Is Antibacterial Soap Handy Or Harmful?

Every once in a great while we’re given the opportunity to share something that could actually help the planet even if just one in ten people who read our blog put it into practice (like toting reusable shopping bags or collecting rainwater in a barrel). And this, my friends, is one of those times. Please feel free to pass this info on to your friends and family members!

And who do we have to thank for this wealth of information that just might change the world as we know it (or at least change your impact on the planet from this day forward)? Why none other than my über intelligent little brother Dan (also affectionately known as Almost-Doctor Dan):

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Remember when we introduced him here (and revisited his giant brain here)? As a little refresher, he went to Cornell and graduated with the highest GPA of his entire graduating class (a 4.21 if you’re wondering). Yup, out of all of the kids in Cornell’s College of Agriculture and Life Sciences, he was the Valedictorian. Now he’s a graduate student at Columbia with a Master’s degree under his belt, steadily working his way up to his Doctorate in chemistry with a full scholarship from the National Science Foundation. Not only do they pay for his education but they actually pay him a stipend for rent and food- all in return for wearing a lab coat almost 24/7 and messing around with molecules and polymers all day. Sweet deal huh? Serious Einstein stuff going on.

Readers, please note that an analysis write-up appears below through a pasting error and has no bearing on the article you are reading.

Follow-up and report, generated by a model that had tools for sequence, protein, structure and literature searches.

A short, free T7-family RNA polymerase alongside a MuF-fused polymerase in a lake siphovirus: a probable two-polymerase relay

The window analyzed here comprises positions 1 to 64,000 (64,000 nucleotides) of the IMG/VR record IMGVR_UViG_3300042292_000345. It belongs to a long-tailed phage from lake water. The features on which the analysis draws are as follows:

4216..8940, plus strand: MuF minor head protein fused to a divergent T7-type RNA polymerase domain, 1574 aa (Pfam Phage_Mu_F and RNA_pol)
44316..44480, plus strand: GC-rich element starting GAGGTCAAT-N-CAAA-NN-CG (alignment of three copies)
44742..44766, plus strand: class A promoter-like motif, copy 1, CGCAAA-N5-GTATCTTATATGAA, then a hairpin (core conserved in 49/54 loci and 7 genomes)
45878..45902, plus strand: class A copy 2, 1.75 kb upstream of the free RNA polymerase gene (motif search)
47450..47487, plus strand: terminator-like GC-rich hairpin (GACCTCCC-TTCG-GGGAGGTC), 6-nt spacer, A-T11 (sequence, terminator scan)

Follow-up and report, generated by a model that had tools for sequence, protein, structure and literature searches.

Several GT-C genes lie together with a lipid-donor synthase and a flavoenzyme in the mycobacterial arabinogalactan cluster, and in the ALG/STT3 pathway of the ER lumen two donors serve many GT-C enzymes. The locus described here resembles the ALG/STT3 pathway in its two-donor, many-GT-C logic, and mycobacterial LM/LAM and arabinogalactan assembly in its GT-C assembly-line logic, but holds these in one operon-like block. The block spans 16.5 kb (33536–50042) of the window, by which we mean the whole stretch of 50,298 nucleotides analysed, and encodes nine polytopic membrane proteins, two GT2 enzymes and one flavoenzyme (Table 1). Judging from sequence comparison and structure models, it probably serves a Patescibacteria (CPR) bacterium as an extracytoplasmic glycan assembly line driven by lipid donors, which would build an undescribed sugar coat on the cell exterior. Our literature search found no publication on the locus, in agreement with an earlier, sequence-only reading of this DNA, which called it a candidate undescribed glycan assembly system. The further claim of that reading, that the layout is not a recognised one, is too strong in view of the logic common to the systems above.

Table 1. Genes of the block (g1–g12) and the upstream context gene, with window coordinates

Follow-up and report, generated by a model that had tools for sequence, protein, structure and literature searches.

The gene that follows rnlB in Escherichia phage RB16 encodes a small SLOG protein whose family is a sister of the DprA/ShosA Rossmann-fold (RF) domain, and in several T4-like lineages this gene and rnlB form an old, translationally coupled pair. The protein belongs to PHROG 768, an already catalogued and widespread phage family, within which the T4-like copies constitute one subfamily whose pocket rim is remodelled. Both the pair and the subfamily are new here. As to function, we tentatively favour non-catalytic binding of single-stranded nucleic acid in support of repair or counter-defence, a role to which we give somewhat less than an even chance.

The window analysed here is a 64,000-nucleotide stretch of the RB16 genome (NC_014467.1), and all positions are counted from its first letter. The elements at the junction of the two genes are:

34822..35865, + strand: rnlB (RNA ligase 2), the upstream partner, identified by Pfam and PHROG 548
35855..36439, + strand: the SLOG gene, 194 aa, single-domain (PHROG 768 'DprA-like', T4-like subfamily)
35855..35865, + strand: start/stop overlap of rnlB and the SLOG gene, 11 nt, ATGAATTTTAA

Anyway, so on a recent phone convo we got to talking about the impending flu season and all the gross germs that seem to be swirling around more and more these days (thanks so about a million media stories on the subject) and Dan shared something so unbelievable that we just had to pass it on. In short, we learned that the idea of antibacterial soap is a marketing ploy that’s actually terrible for the environment. Here’s Almost-Doctor Dan to break things down for us:

What makes most “antibacterial soaps” antibacterial is a chlorinated aromatic compound called Triclosan. By itself this compound doesn’t appear toxic to humans, but every time you wash your hands this stuff is ending up in wastewater and eventually making its way into the environment. Think about how quickly you go through a bottle of hand soap and realize that every last drop of it ends up going down the drain. You’ve got millions of people across the country using this and it’s ending up in lakes, streams, oceans etc (where it’s not particularly biodegradable by the way).